The forgotten men of Sunderland handing Poyet his lifeline

Posted by Colin Randall

Mike Hewitt/Getty ImagesPhil Bardsley went from defensive hero to persona non grata at Sunderland.

When a new leader parachutes into a club in trouble, he inevitably has to work with players he did not choose and may not rate. In the case of Gus Poyet, there was also the small matter of deciding what to do with players his predecessor as Sunderland head coach had fallen out with.

Two of the three known targets of Paolo Di Canio's displeasure started the game against Newcastle United and put in reasonable performances until both were substituted in the second half. Since the game was won, lifting Sunderland from the bottom of the Premier League, Poyet can consider both his selection and his subsequent actions to have been vindicated.

- Randall: Sunderland finally in business

In the close season, neither Lee Cattermole nor Phil Bardsley seemed to have any future at Sunderland. PDC clearly regarded the former as injury-prone and a disciplinary liability; his feelings about Bardsley, after two pieces of off-the-field idiocy (photographed in a casino covered in £50 notes, then mocking the club's opening day defeat in an Instagram message), were openly contemptuous.

There was plenty of speculation that both players were on their way out. But if there was interest in Cattermole, it led nowhere. As for Bardsley, an injury while playing for the Under 21s made him impossible to offload.

Opinions remain divided on both players.

One unforgiving fan tweeted on Sunday night that Bardsley was a "a disgrace and shouldn't be wearing our shirt." This was actually a response to my own comment recognising his technical limitations but applauding his effort: "Not cultured but all heart, played his part."

It should not be forgotten that the Sunderland Supporters' Association voted him player of the season for 2010-2011. And the derby victory left another of Bardsley's stern critics in rather more mellow mood: "Very disappointed to see him playing again but he just kept his head down and a did a job pretty well."

Cattermole's record of bookings and sendings-off is shocking, or at least it was. If I have totted up the season-by-season statistics correctly, he played 87 games in all competitions between his arrival in August 2009 and the early end, through injury, to his involvement in last season, collecting 34 yellow and five red cards.

But this season, after one outing under PDC (the former coach's last game being being fired) and three during Kevin Ball's caretaker managership, Poyet is completing the process of bringing him in from the cold. And there has not been a single card in six appearances. I say that at the risk of ensuring he is ordered off at Hull on Saturday. But if the improvement can be maintained and he fully re-establishes himself in the first team, here is a player in whose presence others tend to raise their own games. Many Sunderland supporters have long argued that the team invariably plays better when he is in it.

By the time they left the field within a few minutes of each other in the Wear-Tyne derby, both had put in useful shifts. The changes were wise. Bardsley had begun to struggle, possibly with cramp, while Poyet, though pleased with Cattermole's contribution, opted for the introduction of Ki Sung-yueng as an aid to creativity as Sunderland chased a winner.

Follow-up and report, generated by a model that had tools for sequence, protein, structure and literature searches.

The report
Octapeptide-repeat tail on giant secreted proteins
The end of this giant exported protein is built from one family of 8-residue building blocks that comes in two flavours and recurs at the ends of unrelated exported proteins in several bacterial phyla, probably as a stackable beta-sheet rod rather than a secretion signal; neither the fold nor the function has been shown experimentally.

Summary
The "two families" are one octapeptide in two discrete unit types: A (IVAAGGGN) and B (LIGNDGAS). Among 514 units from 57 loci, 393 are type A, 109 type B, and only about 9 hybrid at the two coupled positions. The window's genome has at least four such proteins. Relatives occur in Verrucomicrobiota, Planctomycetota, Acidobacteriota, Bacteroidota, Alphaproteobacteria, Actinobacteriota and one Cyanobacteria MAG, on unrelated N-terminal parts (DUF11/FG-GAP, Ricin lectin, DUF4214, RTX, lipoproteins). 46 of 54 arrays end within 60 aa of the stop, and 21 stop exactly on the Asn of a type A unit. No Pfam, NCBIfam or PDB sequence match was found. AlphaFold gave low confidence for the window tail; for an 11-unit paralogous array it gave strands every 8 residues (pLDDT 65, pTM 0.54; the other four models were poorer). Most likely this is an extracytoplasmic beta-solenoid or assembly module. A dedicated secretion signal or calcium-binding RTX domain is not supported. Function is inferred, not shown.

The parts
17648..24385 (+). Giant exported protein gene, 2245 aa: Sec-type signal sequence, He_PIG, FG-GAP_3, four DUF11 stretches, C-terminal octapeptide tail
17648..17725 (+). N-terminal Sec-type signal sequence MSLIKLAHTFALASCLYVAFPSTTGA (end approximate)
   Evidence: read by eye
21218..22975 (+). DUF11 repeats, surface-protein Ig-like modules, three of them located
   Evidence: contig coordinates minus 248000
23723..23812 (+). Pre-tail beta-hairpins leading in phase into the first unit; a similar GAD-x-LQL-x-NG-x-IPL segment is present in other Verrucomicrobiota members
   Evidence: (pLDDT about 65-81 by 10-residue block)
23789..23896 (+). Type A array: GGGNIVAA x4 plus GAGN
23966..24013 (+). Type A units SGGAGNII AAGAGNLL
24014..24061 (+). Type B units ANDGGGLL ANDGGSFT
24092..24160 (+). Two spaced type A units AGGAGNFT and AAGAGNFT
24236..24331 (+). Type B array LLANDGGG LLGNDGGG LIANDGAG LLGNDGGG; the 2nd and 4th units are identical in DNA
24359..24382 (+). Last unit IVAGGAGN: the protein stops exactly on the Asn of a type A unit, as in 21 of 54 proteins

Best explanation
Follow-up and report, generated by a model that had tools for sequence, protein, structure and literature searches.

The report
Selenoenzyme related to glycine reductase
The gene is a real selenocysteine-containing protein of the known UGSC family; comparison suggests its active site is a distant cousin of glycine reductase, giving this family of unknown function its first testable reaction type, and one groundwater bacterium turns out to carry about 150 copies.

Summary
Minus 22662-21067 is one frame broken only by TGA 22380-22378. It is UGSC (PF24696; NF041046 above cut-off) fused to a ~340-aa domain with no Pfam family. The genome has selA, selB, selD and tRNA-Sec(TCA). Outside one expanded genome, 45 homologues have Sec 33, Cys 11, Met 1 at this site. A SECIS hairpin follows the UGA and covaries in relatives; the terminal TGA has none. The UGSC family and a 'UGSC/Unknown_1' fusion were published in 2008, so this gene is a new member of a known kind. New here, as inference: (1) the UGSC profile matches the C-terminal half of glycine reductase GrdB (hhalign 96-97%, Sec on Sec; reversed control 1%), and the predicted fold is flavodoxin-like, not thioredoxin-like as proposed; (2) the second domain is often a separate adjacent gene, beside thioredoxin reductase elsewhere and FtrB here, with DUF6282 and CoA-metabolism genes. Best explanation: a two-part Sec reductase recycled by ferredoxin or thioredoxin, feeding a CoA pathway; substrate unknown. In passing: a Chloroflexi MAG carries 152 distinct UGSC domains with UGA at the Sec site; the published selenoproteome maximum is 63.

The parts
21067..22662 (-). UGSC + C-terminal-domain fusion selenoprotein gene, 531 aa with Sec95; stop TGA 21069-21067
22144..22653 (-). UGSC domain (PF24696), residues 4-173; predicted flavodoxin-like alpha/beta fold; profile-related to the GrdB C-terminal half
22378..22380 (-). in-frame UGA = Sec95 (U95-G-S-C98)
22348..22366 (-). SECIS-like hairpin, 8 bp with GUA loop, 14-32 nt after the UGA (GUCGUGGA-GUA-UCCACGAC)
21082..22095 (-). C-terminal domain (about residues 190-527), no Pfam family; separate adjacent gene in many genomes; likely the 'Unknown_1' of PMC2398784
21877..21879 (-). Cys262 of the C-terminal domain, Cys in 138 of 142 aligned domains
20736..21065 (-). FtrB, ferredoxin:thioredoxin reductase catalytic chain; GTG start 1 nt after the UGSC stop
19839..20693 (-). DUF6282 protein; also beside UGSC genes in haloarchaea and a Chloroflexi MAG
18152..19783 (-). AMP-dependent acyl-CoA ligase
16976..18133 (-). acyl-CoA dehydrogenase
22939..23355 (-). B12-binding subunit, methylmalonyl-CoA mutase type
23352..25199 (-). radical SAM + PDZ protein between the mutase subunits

Lee Catermole's key touches for Sunderland v Newcastle.Other / ESPN StatsLee Catermole's key touches for Sunderland v Newcastle.

Despite that tactical switch, and unlike PDC, the Uruguayan sees a vital role at the club for Cattermole. "I am sure we are going to make Lee a much better player than what people think," he said after the game. "And that tells you how important he is for the football club."

But Bardsley and Cattermole were not the only forgotten men at the Stadium of Light under PDC. Still to emerge from his own isolation is Cabral, a man with Champions League and Europa League experience and initially seen by Di Canio as one of the most significant of his summer recruits.

After impressing in pre-season and the first Premier League game, he has disappeared from contention. PDC implied he was indifferent in training and said he needed players with "bit more fire, more high-tempo and physical presence".

The problem appears to be deeper than a PDC whim. Ball also overlooked Cabral and Poyet has so far remained silent on the issue, though he did include him among senior players chosen for a recent Under 21s game.

The head coach was in Swansea that day, experiencing a miserable debut as his team were beaten 4-0, but Pete Sixsmith, my colleague on these pages and at Salut! Sunderland, joined 500 or so other souls to watch the game.
And his report was far from glowing. Cabral had "strolled around the empty Stadium, making the odd tackle and completing the odd pass ... he must have thought wistfully of his exploits in the Champions League".

Steven Fletcher, whose early goal set Sunderland on the road to victory on Sunday, said in a pre-match interview that one of the problems with Di Canio's regime was that he "didn't want us to smile and laugh in training". If Poyet wants another of the Italian's exiles to join the battle for survival, he might do worse than find a way of bringing a grin to Cabral's face.


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